main objective of this study is to increase our knowledge of the diffusion coefficient distribution. In many coastal areas, nonuniform grain size distributions of bottom material and suspended sediment occur. It is thought that the diffusion coefficient distribution does not or hardly depends on the grading of the sediment and will be mainly dominated by
the hydraulic conditions. From measurements (Jacobs & Dekker (2000) and Sistermans (2000)) higher concentrations were found for experiments with wellgraded bottom material when compared to experiments with uniform bottom material. From these
measurements the diffusion coefficient distribution can be calculated. Most calculations in this study have been executed with the program CALCEPS. The program CALCEPS calculates several possible diffusion coefficient distributions from measured
concentration distributions. When a calculation is done with the so called 'fraction method', more or less the same diffusion coefficient distributions are found for experiments with the same hydraulic conditions. The vertical distribution of the diffusion coefficient can be calculated from measured concentration distributions. It is assumed that the diffusion coefficient distribution as has been determined is correct only when both the concentration and grain size distribution over the water depth are being calculated correctly. The grain size distribution was extensively measured in the above mentioned experiments. In the first analysis the diffusion coefficient distribution described both concentration and grain size distribution very well. From these calculations it has been concluded that a diffusion concept can be used to calculate the concentration and grain size distribution of each experiment. In practical applications, measurements of the grain size distributions over the water depth are not available. Sometimes, the grain size distribution of the bottom material is
known. Therefore, it is tried to impose the bottom material at a certain height and to describe the concentration and grain size distribution over the water depth as good as possible. It was found that the height above the bed where the bottom material can be imposed, should be in the order of magnitude of the measured ripple height. It can be concluded that the diffusion concept can be used for the modelling of concentration distributions of (well) graded sediment.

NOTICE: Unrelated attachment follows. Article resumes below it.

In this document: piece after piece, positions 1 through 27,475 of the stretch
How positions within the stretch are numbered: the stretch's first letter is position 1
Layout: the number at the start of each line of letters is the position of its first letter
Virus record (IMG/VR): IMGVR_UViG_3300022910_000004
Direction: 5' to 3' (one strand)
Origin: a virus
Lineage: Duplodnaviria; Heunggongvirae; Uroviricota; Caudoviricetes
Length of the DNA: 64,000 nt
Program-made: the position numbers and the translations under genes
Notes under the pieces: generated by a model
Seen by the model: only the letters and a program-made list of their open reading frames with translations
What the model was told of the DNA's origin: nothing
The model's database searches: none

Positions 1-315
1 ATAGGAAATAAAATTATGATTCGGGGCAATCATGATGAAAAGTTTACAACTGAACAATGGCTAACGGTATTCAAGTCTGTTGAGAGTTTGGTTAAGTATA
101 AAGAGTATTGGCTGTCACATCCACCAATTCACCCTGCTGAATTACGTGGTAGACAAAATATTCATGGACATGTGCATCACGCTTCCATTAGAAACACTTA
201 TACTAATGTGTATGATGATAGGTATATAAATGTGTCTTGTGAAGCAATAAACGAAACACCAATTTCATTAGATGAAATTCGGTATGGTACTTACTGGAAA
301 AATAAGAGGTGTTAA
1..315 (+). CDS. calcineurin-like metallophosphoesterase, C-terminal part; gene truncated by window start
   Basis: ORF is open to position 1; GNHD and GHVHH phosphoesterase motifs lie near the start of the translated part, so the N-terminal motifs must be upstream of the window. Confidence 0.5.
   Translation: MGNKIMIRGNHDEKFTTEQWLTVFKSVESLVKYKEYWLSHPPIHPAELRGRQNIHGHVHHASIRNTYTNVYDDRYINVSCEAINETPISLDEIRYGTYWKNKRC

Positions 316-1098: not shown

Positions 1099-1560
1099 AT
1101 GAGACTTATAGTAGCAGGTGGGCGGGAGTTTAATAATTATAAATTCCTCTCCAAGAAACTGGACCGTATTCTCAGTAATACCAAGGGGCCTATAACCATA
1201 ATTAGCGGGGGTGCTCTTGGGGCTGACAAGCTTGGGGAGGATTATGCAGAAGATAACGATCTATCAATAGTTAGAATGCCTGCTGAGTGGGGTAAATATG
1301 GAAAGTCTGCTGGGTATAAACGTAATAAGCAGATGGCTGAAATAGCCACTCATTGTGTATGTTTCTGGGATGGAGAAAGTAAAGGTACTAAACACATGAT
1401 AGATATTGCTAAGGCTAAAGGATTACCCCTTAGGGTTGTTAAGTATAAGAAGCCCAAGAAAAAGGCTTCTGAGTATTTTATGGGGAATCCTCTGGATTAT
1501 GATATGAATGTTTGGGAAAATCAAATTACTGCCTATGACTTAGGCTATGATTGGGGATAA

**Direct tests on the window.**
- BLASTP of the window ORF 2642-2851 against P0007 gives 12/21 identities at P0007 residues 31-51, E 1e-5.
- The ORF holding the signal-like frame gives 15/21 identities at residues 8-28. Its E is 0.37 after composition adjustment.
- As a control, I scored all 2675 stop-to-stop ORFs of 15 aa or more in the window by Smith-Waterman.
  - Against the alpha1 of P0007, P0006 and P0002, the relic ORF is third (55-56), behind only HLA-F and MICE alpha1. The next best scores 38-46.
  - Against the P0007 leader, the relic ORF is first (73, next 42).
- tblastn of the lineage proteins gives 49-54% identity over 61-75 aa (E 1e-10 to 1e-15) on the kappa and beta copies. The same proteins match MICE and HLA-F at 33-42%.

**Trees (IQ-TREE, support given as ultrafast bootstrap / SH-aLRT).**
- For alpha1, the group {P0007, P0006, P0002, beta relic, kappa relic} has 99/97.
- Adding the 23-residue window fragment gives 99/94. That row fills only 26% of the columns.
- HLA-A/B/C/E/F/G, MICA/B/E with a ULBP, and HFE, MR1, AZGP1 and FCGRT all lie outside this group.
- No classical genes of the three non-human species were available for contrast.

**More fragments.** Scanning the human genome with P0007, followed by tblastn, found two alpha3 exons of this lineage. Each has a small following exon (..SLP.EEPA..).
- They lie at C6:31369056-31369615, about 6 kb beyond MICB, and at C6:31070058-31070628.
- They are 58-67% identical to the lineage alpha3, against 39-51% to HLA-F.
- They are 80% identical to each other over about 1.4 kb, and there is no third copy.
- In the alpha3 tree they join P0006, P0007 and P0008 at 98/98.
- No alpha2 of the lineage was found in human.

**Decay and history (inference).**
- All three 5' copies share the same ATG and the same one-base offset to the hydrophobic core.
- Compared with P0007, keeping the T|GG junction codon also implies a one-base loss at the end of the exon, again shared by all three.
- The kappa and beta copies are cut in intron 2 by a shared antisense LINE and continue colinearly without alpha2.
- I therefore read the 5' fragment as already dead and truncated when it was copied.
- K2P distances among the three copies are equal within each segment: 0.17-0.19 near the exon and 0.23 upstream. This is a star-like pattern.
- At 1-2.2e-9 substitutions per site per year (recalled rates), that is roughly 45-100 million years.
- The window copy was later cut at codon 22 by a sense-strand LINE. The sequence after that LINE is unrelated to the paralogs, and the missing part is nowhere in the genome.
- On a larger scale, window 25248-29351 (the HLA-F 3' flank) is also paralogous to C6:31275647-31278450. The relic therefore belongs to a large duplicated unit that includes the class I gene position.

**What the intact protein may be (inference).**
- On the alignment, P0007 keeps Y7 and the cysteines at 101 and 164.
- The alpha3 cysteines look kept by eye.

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6 

Further analysis of sand concentration distributions based on a diffusion concept
Morphological changes of coastal areas are caused by sediment transport. Sediment transport is one of
the most important subjects in coastal engineering research. Various models are available to predict
the sediment transport rate as a function of wave height, current velocity and grain size. The reliability
of these models is unknown, because data under field conditions are scarce. Also the sediment
transport processes are not fully understood. Considering that in the coastal areas the waves are
superimposed on a current (longshore current), the problem becomes more complicated.
In this study a sediment transport model based on a diffusion concept is used. The sediment transport
is based on the product of a velocity profile u(z) and a sediment concentration profile c(z) over the
depth, resulting in a sediment transport profile over the water depth. The concentration profile can be
described by a bed concentration and a shape of a concentration distribution over the water depth. To
calculate the concentration distribution over the depth, a diffusion (or mixing) coefficient distribution
can be used. To predict the sediment transport it is important to understand the influence of wave
height, current velocity, water depth and grain size on the diffusion coefficient distribution (&8distribution).
It is tried in this study to determine the reliability of the diffusion model for predicting the sediment
concentration over the height. Nine existing diffusion coefficient methods (methods to describe the
shape of the diffusion coefficient distribution) are used, on several sets of experiments, to determine
the performance of these diffusion coefficient methods. Each ofthe methods can be determined with 2,
3 or 4 parameters (degrees of freedom). For the five best performing diffusion coefficient methods the
influence of the boundary conditions on the involved parameters of the diffusion coefficient methods
is determined. It shows that the diffusion coefficient method with 4 degrees of freedom performs best.
However, the difference with the diffusion coefficient methods with 3 degrees of freedom is not very
large. The influence of the boundary conditions on the involved parameters (degrees of freedom) of
the diffusion coefficient methods is not always what one expects. One parameter does not show very